While visiting Boston earlier this month, I was walking along the Rose Kennedy Greenway, a downtown linear park, when a sight transported me to Europe: a sprawling beer garden, sponsored by Boston-based Trillium brewery. A beer garden, in a public park, in America.
I was in awe.
My 13 months studying in Liverpool, England and exploring 10 European countries brought me to many public parks that had embraced alcohol. In all of the Royal Parks in Greater London, including the 350-acre Hyde Park in Westminster, people can bring and enjoy drinks so long as they do not charge anyone for them and so long as everyone drinking them is of legal age (18+). Cafés offer additional beverages for purchase.
In Lisbon, Portugal I discovered little kiosks surrounded by seating and trees, the perfect spots to relax with a drink in the hot summer. Two of my favorites are Miradouro de Santa Catarina on a hill in the Bica neighborhood, which provides stunning views of the river and often has buskers playing guitars. In Castelo São Jorge, Wine with a View lets you enjoy a drink while admiring the city from the ramparts.
Albeit less regulated, in the student-heavy and counter-cultural Exarcheia neighborhood of Athens, the main square is a hive of activity. Several convenience stores across the street from the park sell single beers for 50 Euro cents or less. After enjoying them in the square, a volunteer comes around to collect and recycle the empties.
Alcohol is of course not the only way to enjoy a park. However, these European examples demonstrate that it can be a way to encourage people to dwell in a space. In no case did I ever witness anyone become rowdy and noisy. Families with children mingled freely with the young adults.
The demand for this type of outlet exists in America too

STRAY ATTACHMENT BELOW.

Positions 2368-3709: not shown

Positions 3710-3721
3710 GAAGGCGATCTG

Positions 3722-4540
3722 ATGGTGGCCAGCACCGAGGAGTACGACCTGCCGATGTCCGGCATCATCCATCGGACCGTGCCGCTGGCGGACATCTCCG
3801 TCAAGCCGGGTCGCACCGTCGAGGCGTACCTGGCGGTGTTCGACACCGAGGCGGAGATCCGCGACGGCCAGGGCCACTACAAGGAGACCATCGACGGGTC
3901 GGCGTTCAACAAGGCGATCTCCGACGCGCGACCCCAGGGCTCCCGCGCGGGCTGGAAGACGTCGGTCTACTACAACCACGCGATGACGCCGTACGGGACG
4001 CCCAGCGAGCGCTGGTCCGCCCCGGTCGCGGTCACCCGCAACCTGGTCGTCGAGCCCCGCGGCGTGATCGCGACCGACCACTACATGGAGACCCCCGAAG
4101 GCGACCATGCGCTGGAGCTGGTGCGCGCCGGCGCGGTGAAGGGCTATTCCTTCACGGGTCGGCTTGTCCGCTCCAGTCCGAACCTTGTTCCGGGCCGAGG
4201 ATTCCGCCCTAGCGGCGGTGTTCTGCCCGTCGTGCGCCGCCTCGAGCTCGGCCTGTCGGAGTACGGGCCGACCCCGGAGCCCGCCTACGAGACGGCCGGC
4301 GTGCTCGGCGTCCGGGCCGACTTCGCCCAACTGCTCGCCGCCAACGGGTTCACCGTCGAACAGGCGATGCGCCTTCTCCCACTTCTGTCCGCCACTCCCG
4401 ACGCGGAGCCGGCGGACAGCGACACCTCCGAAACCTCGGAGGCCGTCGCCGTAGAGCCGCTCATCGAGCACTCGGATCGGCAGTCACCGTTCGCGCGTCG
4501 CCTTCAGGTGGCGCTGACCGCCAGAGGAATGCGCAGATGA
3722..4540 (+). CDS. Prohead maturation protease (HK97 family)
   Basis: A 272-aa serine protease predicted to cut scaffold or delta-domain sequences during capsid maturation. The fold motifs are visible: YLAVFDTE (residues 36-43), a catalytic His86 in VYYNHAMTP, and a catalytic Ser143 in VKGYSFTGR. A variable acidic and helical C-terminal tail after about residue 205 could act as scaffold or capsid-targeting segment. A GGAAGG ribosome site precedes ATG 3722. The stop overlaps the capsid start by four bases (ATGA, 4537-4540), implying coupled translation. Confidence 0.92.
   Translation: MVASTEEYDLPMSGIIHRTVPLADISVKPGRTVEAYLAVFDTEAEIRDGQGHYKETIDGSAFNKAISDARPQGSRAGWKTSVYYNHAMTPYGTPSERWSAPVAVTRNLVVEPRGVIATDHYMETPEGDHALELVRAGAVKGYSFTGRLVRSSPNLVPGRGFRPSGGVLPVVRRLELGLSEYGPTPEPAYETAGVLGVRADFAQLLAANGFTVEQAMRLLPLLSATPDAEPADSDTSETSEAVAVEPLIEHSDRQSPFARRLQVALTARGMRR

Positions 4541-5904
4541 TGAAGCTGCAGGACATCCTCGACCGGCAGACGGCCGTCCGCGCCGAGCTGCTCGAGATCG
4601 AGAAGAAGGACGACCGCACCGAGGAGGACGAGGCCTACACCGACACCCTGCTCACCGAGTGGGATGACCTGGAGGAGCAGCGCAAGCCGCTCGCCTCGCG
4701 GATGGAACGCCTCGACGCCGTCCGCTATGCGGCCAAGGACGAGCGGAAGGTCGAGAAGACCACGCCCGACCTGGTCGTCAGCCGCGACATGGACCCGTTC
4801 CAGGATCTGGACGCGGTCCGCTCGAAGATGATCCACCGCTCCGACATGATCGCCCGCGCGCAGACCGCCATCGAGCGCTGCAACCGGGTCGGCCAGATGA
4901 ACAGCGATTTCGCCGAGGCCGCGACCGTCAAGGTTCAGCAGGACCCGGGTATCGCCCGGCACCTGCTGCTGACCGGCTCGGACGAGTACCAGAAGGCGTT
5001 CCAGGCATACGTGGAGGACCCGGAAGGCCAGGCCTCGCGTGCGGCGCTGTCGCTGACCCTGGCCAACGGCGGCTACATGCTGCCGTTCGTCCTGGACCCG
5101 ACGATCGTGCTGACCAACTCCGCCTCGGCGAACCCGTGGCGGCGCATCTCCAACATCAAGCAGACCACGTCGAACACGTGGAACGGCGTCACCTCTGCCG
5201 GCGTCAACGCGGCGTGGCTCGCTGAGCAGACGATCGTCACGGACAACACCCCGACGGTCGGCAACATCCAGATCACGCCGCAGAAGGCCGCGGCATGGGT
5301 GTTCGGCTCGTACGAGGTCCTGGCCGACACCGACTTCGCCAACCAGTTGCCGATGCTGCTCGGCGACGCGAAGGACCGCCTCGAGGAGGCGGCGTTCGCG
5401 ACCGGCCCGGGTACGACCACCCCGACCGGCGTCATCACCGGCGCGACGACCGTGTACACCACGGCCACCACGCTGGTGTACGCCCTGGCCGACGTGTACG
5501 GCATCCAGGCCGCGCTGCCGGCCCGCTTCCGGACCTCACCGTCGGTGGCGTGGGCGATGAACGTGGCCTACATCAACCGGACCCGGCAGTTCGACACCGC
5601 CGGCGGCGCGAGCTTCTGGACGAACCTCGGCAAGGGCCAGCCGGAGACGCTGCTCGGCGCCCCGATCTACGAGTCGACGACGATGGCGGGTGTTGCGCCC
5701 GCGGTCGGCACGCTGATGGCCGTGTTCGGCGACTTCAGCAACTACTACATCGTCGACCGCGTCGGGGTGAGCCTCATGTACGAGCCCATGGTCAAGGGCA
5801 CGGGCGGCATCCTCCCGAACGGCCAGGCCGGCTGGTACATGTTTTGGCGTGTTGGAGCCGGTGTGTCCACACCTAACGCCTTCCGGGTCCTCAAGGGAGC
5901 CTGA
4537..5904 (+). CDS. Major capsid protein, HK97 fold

In DC, it’s an open secret that players in the social sports leagues like softball, kickball, and bocce that use the National Mall are not carrying soda or water in their red solo cups. Picnickers in Meridian Hill and Rock Creek Parks often have bottles of wine in their totes.
Unfortunately, this behavior is illegal in national parks, including the urban parks of DC. At times, an overzealous National Park Service will raid weekend warriors and picnickers. However, Trillium Garden shows that the city could take a different approach.
The Rose Kennedy Greenway is a 17-acre public park in the footprint of the long-reviled John F. Fitzgerald elevated highway that the city demolished during the infamous Big Dig project. Since 2009, the Rose Kennedy Greenway Conservancy has managed the park. Each time I return to Boston I have seen the trees and plants mature, new fountain and art installations appear, and countless people enjoying the space.
Facing funding challenges, the Conservancy solicited bids last March to operate a beer garden on the greenway. Four-year-old Trillium Brewery won the competition. The Trillium Garden, with space for 250 patrons, opened on June 1 by the Rowes Wharf Hotel with views of the harbor under the arch. Draft beer and wine are available at normal Boston prices.